I feel very bad for Mr. Badu, Silber said. I know his family.

Badu was 33 years old at the time of his death.

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Orioles starting rotation ranked near the bottom of MLB

Orioles starting rotation ranked near the bottom of MLB

BY TYLER BYRUM

Coming into the 2017 season, the Baltimore Orioles are looking to build off a Wild Card appearance last year that ended in disappointment. 

In the off-season the team needed to address numerous issues along their roster, especially the team’s starting pitching.  Without any major moves during the winter, the Orioles will start the season with the 24th best starting rotation in the majors according to USA Today.

Last year the team’s rotation was not that great and a majority of them are returning to the squad this season. Behind Kevin Gausman (3.61 ERA) and Chris Tillman (3.77), the remaining six regular starters averaged a 5.35 ERA. Only one of those pitchers had a sub 5.00 ERA and that was right-hander Dylan Bundy (4.02).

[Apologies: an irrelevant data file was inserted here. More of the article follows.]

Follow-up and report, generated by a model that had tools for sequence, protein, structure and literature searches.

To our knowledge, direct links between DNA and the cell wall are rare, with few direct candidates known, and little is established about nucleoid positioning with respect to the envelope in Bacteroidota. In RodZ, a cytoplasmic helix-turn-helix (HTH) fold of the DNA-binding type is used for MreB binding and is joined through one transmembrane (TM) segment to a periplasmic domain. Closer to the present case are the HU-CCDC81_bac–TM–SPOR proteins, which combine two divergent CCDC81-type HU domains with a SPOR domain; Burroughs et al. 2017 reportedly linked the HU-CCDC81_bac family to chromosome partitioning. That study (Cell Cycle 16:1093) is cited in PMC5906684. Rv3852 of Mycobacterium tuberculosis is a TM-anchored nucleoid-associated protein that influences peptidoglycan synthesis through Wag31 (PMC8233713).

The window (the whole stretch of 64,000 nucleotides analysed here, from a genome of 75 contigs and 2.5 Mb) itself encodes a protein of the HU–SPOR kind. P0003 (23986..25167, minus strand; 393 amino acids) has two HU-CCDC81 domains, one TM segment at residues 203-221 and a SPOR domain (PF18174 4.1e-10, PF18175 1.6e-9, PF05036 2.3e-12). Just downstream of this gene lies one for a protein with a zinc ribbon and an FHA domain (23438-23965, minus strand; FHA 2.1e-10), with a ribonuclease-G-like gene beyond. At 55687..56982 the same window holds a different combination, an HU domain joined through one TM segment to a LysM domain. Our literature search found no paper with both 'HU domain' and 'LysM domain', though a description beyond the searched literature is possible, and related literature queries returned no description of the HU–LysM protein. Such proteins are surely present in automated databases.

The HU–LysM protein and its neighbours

He started the season primarily as a reliever but towards the end of the year he was consistently in the five-man rotation. In the games he started, the right-handed pitcher finished with a 8-5 record. None of the other starters, excluding Chris Tillman, finished the season with a winning record. 

Based on essentially no pitching moves by the organization, it appears that the 24-year-old Bundy will be called on to be the third man in the rotation.

READ ALSO: Orioles projected to have a down season